We have certainly seen threat actors build their campaigns around global events. They tend to take advantage of people’s interest in seasonal and political affairs, scandals, or global events. As long as it makes the news, any event is fair game.

Let me give you some examples. When COVID-19 was declared a pandemic, we saw a spike in coronavirus-themed domain registrations. From only a little over a dozen in December 2019, it went up to more than 50,000 by March 2020.

Many of those properties could be tied to coronavirus-themed phishing, misinformation campaigns about vaccines, and even activities targeting individuals hoping to get financial assistance from the government. Seasonal events like Valentine’s Day, Black Friday, and the tax season also drive multiple domain registrations hinting at DNS abuse. These malicious domains often lead to crimes, such as fraud and credential theft.

So, to answer the question, the threat landscape has and will continue to significantly mirror current events.

In your opinion, should small businesses and large companies approach cybersecurity differently?

Threat actors go after everyone, no matter how big or small your company is.

Large enterprises are targeted because they’re very lucrative victims. When it comes to ransomware, the average demand last year reached around US$2.2 million. The actual payments were estimated at around 42.5% of that amount.

On the other hand, smaller companies are targeted simply because, with fewer resources, they are more vulnerable.

At present, small businesses and large enterprises tend to approach cybersecurity differently, often because they don’t have equal resources. Small businesses, for instance, are likely to outsource cybersecurity to specialists and MSPs.

Meanwhile, large enterprises have more resources and can afford their own SOCs. They also use some of the latest security technologies, such as SIEM, SOAR, XDR, and other platforms.

However, data is crucial to both approaches. Regardless of size, businesses need to gather contextual information in the form of a domain, subdomain, DNS, and IP intelligence. For this reason, WhoisXML API provides its repositories to MSPs, security platform solutions used by large enterprises, and big companies with in-house SOCs.

What enterprise security details are often overlooked but could pose a significant threat to one’s company?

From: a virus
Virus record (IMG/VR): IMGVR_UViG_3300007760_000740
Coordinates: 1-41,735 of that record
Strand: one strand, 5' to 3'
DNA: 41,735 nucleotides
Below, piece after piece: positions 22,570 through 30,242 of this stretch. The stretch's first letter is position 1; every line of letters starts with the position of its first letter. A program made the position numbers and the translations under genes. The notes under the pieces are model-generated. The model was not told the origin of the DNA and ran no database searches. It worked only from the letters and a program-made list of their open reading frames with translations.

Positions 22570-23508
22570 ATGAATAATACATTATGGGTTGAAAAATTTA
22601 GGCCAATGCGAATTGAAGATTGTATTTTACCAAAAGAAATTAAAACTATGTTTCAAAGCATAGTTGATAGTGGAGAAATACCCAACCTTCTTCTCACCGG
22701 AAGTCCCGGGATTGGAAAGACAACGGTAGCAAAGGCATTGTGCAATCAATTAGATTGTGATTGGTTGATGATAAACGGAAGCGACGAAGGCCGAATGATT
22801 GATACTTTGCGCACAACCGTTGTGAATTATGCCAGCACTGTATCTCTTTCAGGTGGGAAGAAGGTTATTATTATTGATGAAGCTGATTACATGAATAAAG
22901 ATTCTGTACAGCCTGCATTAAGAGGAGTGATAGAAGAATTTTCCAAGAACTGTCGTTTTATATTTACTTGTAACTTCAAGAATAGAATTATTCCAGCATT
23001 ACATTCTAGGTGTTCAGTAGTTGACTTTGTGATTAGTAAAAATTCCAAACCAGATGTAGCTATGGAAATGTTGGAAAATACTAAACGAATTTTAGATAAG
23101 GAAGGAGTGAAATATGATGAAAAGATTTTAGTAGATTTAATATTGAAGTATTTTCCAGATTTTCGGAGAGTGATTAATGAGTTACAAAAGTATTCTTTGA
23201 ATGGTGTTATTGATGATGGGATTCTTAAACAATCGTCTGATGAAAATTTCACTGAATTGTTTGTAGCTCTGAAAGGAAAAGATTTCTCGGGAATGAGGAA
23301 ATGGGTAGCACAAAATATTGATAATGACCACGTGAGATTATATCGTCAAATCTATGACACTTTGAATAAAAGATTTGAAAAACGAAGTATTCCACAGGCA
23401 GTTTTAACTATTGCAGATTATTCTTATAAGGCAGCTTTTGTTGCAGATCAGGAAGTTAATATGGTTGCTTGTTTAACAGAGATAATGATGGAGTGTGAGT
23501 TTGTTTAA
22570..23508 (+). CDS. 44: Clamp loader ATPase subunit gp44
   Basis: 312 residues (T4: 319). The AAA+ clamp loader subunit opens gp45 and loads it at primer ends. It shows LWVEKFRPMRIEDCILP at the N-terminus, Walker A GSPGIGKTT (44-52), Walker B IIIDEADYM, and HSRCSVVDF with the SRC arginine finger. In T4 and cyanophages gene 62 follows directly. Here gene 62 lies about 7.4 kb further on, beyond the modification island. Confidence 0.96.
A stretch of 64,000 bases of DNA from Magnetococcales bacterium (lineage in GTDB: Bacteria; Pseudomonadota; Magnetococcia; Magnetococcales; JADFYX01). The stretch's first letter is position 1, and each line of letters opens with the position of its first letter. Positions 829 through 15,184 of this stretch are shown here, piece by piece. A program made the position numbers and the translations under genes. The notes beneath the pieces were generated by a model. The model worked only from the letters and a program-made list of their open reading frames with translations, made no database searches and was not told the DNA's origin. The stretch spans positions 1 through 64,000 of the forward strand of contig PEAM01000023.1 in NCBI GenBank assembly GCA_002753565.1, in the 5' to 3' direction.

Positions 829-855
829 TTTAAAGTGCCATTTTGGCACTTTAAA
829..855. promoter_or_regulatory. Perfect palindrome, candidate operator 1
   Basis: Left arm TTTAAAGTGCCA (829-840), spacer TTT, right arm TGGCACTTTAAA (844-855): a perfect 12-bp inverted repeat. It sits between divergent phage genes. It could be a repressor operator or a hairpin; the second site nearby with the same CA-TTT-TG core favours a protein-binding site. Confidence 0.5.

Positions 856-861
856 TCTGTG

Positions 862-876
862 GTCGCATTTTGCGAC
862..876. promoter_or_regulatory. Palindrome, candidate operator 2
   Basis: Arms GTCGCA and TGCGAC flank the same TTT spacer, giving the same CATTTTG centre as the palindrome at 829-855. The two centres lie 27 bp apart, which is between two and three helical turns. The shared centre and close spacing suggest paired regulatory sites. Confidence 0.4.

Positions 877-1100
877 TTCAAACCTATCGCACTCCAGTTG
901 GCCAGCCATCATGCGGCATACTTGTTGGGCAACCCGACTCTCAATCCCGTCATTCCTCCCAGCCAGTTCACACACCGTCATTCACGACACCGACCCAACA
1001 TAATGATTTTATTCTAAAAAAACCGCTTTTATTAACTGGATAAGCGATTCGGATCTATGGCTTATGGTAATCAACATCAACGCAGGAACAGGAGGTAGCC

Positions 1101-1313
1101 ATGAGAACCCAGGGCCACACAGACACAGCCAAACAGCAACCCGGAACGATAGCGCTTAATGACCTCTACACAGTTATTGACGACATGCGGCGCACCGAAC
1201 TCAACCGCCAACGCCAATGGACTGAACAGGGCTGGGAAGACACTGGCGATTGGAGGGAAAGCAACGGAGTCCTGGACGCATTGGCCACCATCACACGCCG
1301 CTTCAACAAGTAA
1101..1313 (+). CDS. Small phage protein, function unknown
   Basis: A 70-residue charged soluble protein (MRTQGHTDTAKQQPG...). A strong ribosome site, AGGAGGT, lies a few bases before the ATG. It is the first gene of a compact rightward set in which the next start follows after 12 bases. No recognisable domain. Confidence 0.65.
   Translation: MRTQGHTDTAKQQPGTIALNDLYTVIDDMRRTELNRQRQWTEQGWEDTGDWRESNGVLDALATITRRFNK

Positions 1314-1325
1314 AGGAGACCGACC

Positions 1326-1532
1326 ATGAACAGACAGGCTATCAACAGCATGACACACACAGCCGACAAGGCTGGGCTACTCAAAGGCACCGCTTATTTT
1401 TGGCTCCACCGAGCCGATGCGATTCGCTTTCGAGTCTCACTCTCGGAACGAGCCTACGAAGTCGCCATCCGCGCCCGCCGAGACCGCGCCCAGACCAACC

Our data helps businesses enable round-the-clock security operations, intensify digital risk protection, obtain continuous attack surface visibility, and deepen identity verification, among other processes.

With this vantage point, we see firsthand how companies need to pay extra attention to their attack surfaces and Internet brand postures as well as broaden their visibility.

Take typosquatting domains, for instance. These can influence a company’s Internet reputation, especially when threat actors use them to target the impersonated brand’s employees, users, clients, partners, and third-party suppliers. We’ve seen quite a few large corporations that have gone to great lengths to take down or control such domains. While this isn’t the most feasible or practical tactic, their action tells us that part of brand protection is ensuring that one’s brand name isn’t misused in domain names.

We also noticed thousands, if not millions, of dangling DNS records, such as those pointing to subdomains. These aren’t ideal for security. Companies need to pay close attention to subdomains and dangling DNS records since threat actors can easily exploit these vulnerabilities.

In addition, we’ve seen a lot of overly descriptive subdomains and DNS records that could make it easier for attackers to launch targeted attacks. Through diverse scans, the bad guys can learn what systems an organization uses if they are displayed in subdomain names and DNS records.

And finally, what does the future hold for WhoisXML API?

Our mission is set to remain the same—to help create a more secure and transparent Internet for all businesses. We aim to enable that by continuously delivering the most comprehensive domain, IP, DNS, and cyber threat intelligence.

We will continue to broaden our data coverage and improve our scope through more partnerships and collaborations as part of this endeavor. Aside from offering more data, we will also do so when companies need it the most—in real-time.

Time is a critical element. Many things can happen in 24 hours—thousands of domains get registered and immediately weaponized, all forms of DNS abuse can occur, and threat actors can infiltrate networks.

We aim to reduce the window between domain registration and abuse so companies can obtain as much domain and IP intelligence as fast as possible. At present, we can automatically push domain registration and SSL certificate chain data to clients within an hour or less.